The 33rd Symposium on international labour issues

Report of Symposium: Toward a better future of work after the COVID-19 crisis – Sectoral response and social dialogue

News | 03 December 2020
On 2 December 2020, the ILO Office for Japan organized a virtual event, the “33rd Symposium on International Labour Issues” with 160 participants, in collaboration with the Ohara Institute of Social Studies, Hosei University to discuss how we can act to build better future of work in the face of COVID-19.  Presentations from the tripartite constituents’ and an academic points of view provided insight into sectoral responses to the COVID-19 crisis and social dialogue, with a particular focus on the garment sector.

In July this year, the ILO held a virtual Global Summit on COVID-19 and the world of work, where global leaders and tripartite constituents of the member states expressed their commitment to create better world of work together. In her message to the symposium, Ms. Chihoko Asada-Miyakawa, Regional Director for ILO Office for Asia and the Pacific said that the symposium would provide with the first opportunity to discuss how we can build back better in Japan.   Click HERE for her message video (short version, subtitled in English)

One of the ILO's analyses of the impact of COVID-19 in the world of work is the ILO Sectoral Briefs which summarize the sectoral global responses by various industries.  In his keynote speech, Mr. Akira ISAWA, Former Deputy Director, Sectoral Policies Department (SECTOR), ILO HQ stated that it was important to discuss measures taking into account the characteristics of each sector and to implement them in each industry.  “The discussions of employers’ and workers’ organizations at global level to cope with this global crisis need to be linked to invigorating social dialogue at national level,” he said.

Ms. Minako YOSHIKAWA, General Manager, CSR Sustainability Department, ASICS Corporation, which is working in partnership with the ILO's Better Work Programme, gave a report, from a perspective as an endorsing organization of the "Call to Action,” a global action in the garment industry.  “This global action forms international and national working groups.  We collaborate with partners and enterprises, and aim to ensure business continuity for our suppliers through transparent social dialogue with factories,” she said.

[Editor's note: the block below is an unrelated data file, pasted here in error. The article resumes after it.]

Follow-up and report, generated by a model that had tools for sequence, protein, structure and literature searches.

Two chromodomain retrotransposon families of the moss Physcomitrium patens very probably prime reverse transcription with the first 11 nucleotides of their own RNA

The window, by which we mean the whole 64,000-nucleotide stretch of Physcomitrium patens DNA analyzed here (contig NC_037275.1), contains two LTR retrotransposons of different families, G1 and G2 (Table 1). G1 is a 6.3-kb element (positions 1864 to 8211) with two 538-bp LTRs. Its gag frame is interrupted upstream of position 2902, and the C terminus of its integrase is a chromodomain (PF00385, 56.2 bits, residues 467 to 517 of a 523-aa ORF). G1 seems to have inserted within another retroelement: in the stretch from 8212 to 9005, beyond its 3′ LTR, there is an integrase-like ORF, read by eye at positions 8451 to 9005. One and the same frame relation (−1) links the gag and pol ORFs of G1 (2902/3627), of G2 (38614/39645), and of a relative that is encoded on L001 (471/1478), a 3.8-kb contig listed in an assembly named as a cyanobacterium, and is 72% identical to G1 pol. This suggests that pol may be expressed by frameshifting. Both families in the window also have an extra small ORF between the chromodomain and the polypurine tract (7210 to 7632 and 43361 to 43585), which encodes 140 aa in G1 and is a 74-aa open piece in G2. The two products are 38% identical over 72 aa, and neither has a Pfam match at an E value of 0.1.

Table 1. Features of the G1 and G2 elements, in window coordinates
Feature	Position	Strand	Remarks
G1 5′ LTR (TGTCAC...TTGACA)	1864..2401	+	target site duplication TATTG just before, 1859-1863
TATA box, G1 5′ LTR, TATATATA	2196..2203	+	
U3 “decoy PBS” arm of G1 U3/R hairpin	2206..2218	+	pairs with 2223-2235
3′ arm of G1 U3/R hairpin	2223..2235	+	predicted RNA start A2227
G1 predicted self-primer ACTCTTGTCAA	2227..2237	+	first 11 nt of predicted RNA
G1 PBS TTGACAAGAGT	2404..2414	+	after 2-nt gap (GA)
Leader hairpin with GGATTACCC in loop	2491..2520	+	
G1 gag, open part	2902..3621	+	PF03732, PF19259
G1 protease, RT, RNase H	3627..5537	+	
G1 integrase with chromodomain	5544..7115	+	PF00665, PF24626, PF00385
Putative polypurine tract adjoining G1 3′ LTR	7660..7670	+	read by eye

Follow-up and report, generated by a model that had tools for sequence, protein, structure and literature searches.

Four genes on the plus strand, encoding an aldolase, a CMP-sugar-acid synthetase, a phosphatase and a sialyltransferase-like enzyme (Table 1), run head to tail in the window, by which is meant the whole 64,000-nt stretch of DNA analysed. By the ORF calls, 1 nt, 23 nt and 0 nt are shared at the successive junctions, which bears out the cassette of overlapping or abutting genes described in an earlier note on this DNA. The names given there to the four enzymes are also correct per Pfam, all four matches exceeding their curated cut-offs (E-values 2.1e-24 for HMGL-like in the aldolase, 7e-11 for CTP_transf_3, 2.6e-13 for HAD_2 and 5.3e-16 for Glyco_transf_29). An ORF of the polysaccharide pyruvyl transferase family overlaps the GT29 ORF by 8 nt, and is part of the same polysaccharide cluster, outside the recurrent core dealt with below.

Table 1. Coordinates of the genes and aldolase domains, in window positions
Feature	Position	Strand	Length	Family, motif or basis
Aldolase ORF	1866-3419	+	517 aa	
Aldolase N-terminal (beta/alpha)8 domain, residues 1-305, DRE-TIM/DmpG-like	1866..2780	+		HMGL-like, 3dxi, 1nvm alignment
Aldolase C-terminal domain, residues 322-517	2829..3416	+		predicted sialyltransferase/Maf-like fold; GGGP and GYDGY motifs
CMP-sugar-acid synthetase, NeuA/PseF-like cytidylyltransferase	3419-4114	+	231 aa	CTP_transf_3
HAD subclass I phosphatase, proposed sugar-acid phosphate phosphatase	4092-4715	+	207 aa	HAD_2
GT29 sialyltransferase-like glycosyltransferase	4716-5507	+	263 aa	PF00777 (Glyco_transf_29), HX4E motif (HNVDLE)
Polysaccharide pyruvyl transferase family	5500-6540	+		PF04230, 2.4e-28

Ms. Akiko GONO, Adviser UA ZENSEN (The Japanese Federation of Textile, Chemical, Food, Commercial, Service and General Workers’ Unions) / General Secretary, IndustriALL Japan Liaison Council, introduced a good practice in Indonesia in responding to the crisis with labour-management agreement at national level.  She expressed her hope that multinational enterprises and the trade unions in Japan will further make efforts to fulfil their responsibilities to protect the rights of workers in their supply chains.  "If enterprises continue responsible purchasing practices, it would assist suppliers in fulfilling their social responsibilities,” she said.

“It is the role of the government to make and implement employment and labour policies, based on social dialogue. In order to build a better future of work, it is important, such as to support companies that are reconstructing their businesses towards a ‘new normal’,” said Mr. Masaaki IUCHI, Senior Assistant Minister, Ministry of Health, Labour and Welfare. Taking into account the global commitment to solidarity for fair recovery, “Japan will support countries affected by COVID-19 through the ILO's development cooperation programmes with respect to their needs,” he said.
"The symposium provided an opportunity to consider the global impact of the COVID-19 in Japan," said Dr. Keisuke NAKAMURA, Professor, Institute for Solidarity-based Society, Hosei University.  “What we can learn from global initiatives is that, each sector is facing different challenges; workers’ and employers’ organizations’ collaborative efforts to address problems would bring an effective result; and we need to care for vulnerable groups of workers.  To fight against the current COVID-19 and to prepare for the future crises, how can Japan contribute to the world?” Dr. Nakamura posed a question.

Throughout the discussion, it became clear that the COVID-19 crisis has brought to light problems that had already existed, but were previously addressed inadequately. For example, vulnerable groups such as informal workers, youth, women, and migrant workers, have been disproportionally affected. In order to overcome the COVID-19 crisis and to realize “build back better,” it is necessary to extend social security system and to take flexible measures that are specific to the characteristics of each sector.  In order to achieve that goal, social dialogue is an indispensable tool.  These efforts would help accelerate the achievement of the Sustainable Development Goals (SDGs). It was also reaffirmed that the ILO Centenary Declaration for the Future of Work, adopted at last year's International Labour Conference, would become a relevant asset to address the challenges, and in conclusion, the Symposium emphasized the importance of having positive dialogues among tripartite constituents and the stakeholders.

A report of this symposium will be published in the Ohara Institute of Social Studies Journal, the issue of April 2021. (Japanese)  Back issues are available HERE.